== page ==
If the threat to our security and natural resources weren’t enough, there is also overwhelming evidence of adverse health effects tied to Bisphenol A, or BPA, including reproductive problems, infertility and cancer.
BPA is a widely-used chemical in the manufacturing of food and beverage containers, including baby bottles, plastic beverage bottles and aluminum cans. BPA is even absorbed into your skin from your dental sealants, toothbrush bristles and the receipt paper you get at the grocery store!
Many countries and a handful of U.S. states have strongly regulated or banned the use of BPA, but corporate lobbyists are spending billions influencing government regulatory authorities, so—absent public pressure—there’s no incentive to ban it here…yet.
The Healthiest Option: A Reusable Bottle
There is nothing healthier for you, your wallet, and the planet than filtered tap water in a reusable bottle. (Where to find water filters online.)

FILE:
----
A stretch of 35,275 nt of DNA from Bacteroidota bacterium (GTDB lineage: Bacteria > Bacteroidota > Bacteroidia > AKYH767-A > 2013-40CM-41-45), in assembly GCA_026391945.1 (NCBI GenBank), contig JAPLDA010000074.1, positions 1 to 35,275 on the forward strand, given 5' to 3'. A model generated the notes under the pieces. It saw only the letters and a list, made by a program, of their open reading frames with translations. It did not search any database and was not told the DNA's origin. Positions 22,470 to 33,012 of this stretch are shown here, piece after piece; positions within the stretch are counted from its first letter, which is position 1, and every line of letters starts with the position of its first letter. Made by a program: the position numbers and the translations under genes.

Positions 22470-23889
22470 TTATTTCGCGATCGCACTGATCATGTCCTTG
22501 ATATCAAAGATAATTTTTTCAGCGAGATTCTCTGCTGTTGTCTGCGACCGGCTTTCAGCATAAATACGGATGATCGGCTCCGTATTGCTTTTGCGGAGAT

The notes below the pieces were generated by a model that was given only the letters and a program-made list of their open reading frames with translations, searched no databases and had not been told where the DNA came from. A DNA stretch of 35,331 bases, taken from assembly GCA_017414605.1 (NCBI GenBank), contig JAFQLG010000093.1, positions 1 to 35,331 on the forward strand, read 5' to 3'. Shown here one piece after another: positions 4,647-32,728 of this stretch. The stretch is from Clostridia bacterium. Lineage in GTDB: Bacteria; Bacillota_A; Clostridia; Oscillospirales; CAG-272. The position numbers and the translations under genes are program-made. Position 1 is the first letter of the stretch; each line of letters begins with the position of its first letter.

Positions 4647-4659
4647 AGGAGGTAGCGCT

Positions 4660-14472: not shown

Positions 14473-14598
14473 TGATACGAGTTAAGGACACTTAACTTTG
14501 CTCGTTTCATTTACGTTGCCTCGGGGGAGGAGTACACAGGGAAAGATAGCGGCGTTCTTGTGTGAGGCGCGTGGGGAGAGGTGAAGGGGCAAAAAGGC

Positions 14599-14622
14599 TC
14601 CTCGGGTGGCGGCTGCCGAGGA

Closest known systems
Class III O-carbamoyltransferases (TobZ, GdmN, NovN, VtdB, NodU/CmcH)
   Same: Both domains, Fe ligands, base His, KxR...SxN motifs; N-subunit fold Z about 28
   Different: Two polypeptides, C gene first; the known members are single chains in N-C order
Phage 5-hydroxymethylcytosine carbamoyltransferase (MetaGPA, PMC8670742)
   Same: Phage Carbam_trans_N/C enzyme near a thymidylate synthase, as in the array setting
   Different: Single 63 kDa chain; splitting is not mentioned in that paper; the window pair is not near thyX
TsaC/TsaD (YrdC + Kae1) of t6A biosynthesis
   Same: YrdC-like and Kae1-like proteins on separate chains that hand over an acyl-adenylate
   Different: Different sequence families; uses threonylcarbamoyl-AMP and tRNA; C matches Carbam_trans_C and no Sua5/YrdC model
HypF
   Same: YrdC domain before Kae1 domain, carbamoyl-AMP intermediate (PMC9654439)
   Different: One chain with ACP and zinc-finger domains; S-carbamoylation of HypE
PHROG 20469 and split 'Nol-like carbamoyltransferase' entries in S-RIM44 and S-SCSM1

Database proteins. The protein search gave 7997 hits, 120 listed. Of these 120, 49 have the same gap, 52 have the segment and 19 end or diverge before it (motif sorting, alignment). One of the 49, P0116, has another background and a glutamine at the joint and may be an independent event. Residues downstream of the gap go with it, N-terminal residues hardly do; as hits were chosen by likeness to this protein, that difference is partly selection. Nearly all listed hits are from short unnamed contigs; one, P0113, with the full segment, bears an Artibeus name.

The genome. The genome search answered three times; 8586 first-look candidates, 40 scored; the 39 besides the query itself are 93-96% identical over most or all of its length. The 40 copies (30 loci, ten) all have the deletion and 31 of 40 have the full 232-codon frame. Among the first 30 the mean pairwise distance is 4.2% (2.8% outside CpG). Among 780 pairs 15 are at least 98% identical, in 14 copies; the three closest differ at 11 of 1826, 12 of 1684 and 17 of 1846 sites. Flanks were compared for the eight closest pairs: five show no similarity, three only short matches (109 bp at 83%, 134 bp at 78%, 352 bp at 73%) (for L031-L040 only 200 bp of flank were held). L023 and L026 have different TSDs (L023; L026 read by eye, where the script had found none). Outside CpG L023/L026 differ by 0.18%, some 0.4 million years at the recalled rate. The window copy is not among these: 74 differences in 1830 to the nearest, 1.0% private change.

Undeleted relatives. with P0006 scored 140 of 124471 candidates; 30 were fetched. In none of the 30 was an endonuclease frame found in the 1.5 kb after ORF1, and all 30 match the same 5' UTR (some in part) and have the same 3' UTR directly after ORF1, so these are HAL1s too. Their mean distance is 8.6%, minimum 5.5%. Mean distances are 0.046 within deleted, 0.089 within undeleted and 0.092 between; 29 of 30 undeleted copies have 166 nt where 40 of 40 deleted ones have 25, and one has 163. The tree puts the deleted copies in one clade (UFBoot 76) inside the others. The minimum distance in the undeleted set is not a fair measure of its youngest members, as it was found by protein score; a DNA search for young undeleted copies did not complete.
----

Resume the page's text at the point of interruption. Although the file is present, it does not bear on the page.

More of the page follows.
Most bottled waters brands contain nothing more than filtered tap water anyway, so a good filter for your tap water at home will pay for itself quickly. Plus you can use the filtered water for cooking, too!
There are many types of reusable bottles to choose from, and it can be hard to know which are safe and do not leach toxins into your beverage.
A recent study published in the Environmental Health Perspective Journal tested baby bottles, water bottles and other products advertised as BPA-Free, and found that, while indeed BPA-free, they all released other toxic, hormone-affecting chemicals. In fact, some BPA-free plastic containers tested higher for harmful chemicals than the “regular” ones with BPA!
“BPA-Free” is no guarantee that your reusable bottle isn’t leaching toxic, hormone-disrupting chemicals into your beverage.
The safest and most eco-friendly reusable bottles are made from glass or stainless steel. Both glass and steel bottles are made in lots of fun colors and designs, and some are thermal, allowing you to keep hot beverages hot and cold ones cold.
Choose one (or two) you like, and carry it with you so you always have it on hand at home, work, the gym, or on the town. That way, you’ll never have to risk your health or the health of the planet by buying beverages in plastic bottles again!
The True Cost of Bottled Water
This little video by Annie Leonard explores the bottled water industry’s use of seductive, environmental-themed advertising to cover up the precious oil it squanders and the mountains of plastic waste it produces.